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Project part-financed by the European Union (European Regional Development Fund)

The Interreg IVB North Sea Region Programme

The authors are solely responsible for the content of this report. Material included herein does not represent the opinion of the European Community, and the European Community is not responsible for any use that might be made of it.
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Interestuarine comparison: Hydro-geomorphology

3a. Main parameters

Main parameters are parameters which are directly measured in the estuaries. In this study we focus on the present situation of each estuary and therefore we collected the most recent data, and if appropriate over a time period of several years. An overview of the collected main parameters for each estuary is given in Table 1. A description of each parameter is given in the following paragraphs (§3.1.1 - §3.1.6).

Table 1 – Overview of the data collected (main parameters) for each estuary, indicating the time periods and number of stations (in between brackets)
  Scheldt Elbe Weser Humber
Topo-bathymetry 2001 2006 2009 2005
Tide 2001-2010 (17) 2001-2010 (17) 2001-2010 (12) 2005 (18)
Salinity 2000-2007 (19) 2004 (9) 2010 (9) 2004-2009 (10)
Suspended sediment 2001-2010 (34) 2004-2009 (27) 2005, 2009-2010 (10) 2004-2009 (12)
Freshwater discharge 2008-2009 2001-2010 2001-2010 2010
Tidal marshes 1931, 1951, 1963, 1992, 2004, 2010 1958, 1966, 1977,1997, 2008 - -


A topo-bathymetric grid of an estuary represents the elevation of the subtidal, intertidal and supratidal areas of the estuary, located within the dyke lines. In general, the bathymetry grids (based on multibeam or singlebeam measurements) cover the subtidal and lower intertidal parts of the estuary, while the topographic datasets (based on LIDAR data) cover the higher parts of the intertidal areas and tidal marsh areas (supratidal).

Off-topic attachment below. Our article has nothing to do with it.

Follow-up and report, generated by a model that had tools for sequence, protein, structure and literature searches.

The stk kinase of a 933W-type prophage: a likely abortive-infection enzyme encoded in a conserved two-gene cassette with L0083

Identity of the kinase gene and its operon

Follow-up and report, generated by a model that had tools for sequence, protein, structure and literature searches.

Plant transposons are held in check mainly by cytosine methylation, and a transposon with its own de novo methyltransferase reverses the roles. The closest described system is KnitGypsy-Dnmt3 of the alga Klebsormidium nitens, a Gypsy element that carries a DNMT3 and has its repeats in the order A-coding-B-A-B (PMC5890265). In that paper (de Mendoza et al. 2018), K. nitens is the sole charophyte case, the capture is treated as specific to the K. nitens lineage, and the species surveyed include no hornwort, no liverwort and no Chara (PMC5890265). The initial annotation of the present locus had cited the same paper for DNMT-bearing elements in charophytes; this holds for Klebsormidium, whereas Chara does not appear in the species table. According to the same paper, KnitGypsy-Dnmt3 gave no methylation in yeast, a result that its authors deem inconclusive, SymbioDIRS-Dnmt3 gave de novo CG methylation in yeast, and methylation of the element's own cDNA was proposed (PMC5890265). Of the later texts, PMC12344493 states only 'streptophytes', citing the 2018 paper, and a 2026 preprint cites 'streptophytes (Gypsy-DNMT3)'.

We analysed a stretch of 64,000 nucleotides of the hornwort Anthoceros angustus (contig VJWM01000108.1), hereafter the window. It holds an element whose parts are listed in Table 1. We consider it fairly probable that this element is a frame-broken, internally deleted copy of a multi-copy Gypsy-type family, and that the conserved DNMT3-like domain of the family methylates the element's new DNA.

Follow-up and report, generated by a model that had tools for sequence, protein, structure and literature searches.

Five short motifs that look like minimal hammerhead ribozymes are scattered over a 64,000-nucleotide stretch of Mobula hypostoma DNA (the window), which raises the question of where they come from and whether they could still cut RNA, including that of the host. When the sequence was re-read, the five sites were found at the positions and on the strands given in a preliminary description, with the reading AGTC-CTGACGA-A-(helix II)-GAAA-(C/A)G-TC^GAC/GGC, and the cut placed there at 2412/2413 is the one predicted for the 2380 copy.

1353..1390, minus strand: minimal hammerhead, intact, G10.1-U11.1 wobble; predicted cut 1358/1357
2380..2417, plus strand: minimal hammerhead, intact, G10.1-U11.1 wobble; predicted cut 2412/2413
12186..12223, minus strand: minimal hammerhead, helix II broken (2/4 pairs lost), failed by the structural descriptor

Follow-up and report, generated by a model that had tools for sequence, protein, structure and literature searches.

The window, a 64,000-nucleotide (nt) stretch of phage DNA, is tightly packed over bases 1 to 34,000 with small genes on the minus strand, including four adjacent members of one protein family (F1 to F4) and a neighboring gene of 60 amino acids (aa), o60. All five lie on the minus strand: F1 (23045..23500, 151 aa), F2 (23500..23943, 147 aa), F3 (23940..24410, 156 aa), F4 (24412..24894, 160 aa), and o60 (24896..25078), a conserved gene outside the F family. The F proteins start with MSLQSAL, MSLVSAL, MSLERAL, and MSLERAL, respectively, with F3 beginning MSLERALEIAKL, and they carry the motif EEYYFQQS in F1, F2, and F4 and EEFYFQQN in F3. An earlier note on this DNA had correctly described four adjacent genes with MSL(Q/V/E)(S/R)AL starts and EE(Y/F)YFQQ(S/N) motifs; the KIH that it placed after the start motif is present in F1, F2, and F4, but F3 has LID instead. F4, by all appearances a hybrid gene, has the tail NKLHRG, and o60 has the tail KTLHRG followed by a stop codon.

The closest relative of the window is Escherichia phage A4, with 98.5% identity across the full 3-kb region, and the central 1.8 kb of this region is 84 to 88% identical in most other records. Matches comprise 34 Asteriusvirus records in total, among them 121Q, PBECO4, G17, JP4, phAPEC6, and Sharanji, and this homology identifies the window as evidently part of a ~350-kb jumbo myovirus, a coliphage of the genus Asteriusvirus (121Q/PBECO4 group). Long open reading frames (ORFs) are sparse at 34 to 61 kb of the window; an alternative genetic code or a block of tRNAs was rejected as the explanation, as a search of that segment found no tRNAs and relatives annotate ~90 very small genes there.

For the Scheldt and Elbe topo-bathymetric grids were directly available, respectively for the years 2001 and 2006. The Scheldt grid has a resolution varying between 5 x 5 m and 20 x 20 m, the Elbe grid has a resolution of 10 x 10 m. For the Weser and Humber, point datasets were delivered which still needed to be interpolated to grids. For the Weser the TopoToRaster interpolation method was used (ArcGIS software), while for the Humber (single beam data) the digipol methodology (Qinsy software) was applied, which is especially developed for single beam datasets. The input datasets were respectively from 2009 and 2005 for the Weser and Humber, and interpolation grids were created with a resolution of respectively 20 x 20 m and 10 x 10 m.